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Your search has returned 40 articles:
  • SN Online

    SN Online

    MATH TREK Economists say auction-based purchasing could create market chaos. See Julie Rehmeyer’s column “Devil is in the details of a new Medicare plan to buy medical supplies.”

    SCIENCE NEWS FOR KIDS Research in guinea pigs finds a way to power small electronic devices using a voltage difference in the inner ear. Read more in “Your head’s battery.”


    01/24/2013 - 20:58
  • Science Future

    Science Future for February 9, 2013

    February 16 – 17 Kids can see science demonstrations, learn about cool science careers and talk to scientists at the annual Family Science Days at the American Association for the Advancement of Science meeting in Boston. Learn more at

    March 7 The Creatures of Light exhibit on bioluminescence comes to Chicago’s Field Museum. Find more information at

    01/24/2013 - 20:55
  • Science Past from the issue of February 9, 1963

    DIG DITCHES WITH ATOMS — Digging earth by atomic explosions is proving successful, but if President Kennedy’s suspension of underground atomic testing on Jan. 26 is maintained, the method may not be used practically. Future excavation experiments are described for the first time by the Atomic Energy Commission in its annual report to Congress. The AEC says underground blasts can be used for...

    01/24/2013 - 20:53
  • People

    Tackling women’s pro football

    Tackling women’s pro footballJennifer Carter’s research on women’s professional football is so hard-hitting that it left her bruised and nursing a torn hamstring. Carter, a graduate student in sociology at the University of Cincinnati, started observing the inner workings of a team in the Women’s Football Alliance from the sidelines during the 2011 season. Her goal: to figure out how women...

    01/24/2013 - 20:42 Humans & Society
  • Letters to the Editor


    Weighing factors in obesity In “Obesity research gets weightier” (SN: 12/29/12, p. 28) Nathan Seppa says that green space and a nearby grocery store reduce the incidence of obesity. I think I understand how the green space affects it (clean air, physical activity, et cetera), but I don’t understand how the grocery store does. Is there anything showing a connection?Ted Grinthal, Berkeley...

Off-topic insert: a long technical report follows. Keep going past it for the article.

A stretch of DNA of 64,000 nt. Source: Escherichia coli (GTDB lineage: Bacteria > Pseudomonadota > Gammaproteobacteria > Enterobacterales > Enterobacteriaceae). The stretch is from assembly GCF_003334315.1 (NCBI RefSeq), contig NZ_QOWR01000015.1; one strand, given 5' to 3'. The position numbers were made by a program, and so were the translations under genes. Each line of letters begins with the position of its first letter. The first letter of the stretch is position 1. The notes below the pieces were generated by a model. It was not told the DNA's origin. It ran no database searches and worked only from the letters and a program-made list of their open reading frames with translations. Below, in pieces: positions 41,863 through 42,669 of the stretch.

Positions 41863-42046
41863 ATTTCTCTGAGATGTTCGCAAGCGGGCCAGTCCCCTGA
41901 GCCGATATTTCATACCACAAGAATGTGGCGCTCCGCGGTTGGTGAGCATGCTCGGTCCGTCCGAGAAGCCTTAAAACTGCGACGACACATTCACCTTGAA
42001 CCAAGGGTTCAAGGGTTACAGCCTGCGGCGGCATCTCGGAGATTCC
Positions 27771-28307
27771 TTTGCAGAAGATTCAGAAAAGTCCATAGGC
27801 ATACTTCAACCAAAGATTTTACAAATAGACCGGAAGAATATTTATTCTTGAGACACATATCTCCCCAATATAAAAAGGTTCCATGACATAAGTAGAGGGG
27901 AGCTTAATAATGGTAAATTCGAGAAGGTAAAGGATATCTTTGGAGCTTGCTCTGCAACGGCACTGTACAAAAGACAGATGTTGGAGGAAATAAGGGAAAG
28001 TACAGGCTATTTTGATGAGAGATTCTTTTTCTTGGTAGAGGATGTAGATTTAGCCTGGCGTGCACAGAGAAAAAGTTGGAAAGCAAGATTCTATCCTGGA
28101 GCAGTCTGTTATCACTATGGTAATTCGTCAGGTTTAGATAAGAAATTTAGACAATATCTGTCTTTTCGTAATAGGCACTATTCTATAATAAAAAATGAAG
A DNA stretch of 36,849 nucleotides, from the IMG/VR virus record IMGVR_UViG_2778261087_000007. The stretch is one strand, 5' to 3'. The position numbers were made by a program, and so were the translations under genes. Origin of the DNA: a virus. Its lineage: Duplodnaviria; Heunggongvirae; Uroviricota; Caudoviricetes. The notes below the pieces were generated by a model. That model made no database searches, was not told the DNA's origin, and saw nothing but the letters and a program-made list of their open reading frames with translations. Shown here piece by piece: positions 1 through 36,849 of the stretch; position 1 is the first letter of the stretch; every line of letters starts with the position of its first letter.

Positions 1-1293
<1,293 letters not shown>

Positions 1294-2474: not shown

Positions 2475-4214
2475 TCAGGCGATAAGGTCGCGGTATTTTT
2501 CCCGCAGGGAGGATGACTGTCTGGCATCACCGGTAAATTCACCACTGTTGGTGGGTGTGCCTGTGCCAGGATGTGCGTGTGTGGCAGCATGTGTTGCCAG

01/24/2013 - 20:30
  • Reviews & Previews

    A Man of Misconceptions: The Life of an Eccentric in an Age of Change by John Glassie

    The eccentric life of the insatiably curious, but often wrong, 17th century scholar Athanasius Kircher is explored in this tale of his influence on science.

    Riverhead Books, 2012, 335 p., $26.95

    01/24/2013 - 20:14
  • Reviews & Previews

    Cycling Science: How Rider and Machine Work Together by Max Glaskin

    The physics of two-wheeled locomotion gets deep coverage in this illustrated overview for the bike-obsessed.

    Univ. of Chicago, 2012, 192 p., $30

    01/24/2013 - 20:12
  • Reviews & Previews

    Walking Sideways: The Remarkable World of Crabs by Judith S. Weis

    A biologist pens a tribute to crabs, exploring everything from their life cycles and behavior to the many ways humans eat them.

    Cornell Univ., 2012, 224 p., $29.95

    01/24/2013 - 20:09
  • Reviews & Previews

    Guesstimation 2.0

    A handy guide helps readers learn to approximate almost anything, from the energy needed to ship a tomato to the length of toilet paper used in the United States.

    Princeton Univ., 2012, 359 p., $19.95

    01/24/2013 - 20:06 Science & Society
  • Reviews & Previews

    Henri Poincaré: A Scientific Biography by Jeremy Gray

    This comprehensive biography of the mathematician details his life and contributions to math, physics and philosophy.

    Princeton Univ., 2012, 593 p., $35

    01/24/2013 - 19:55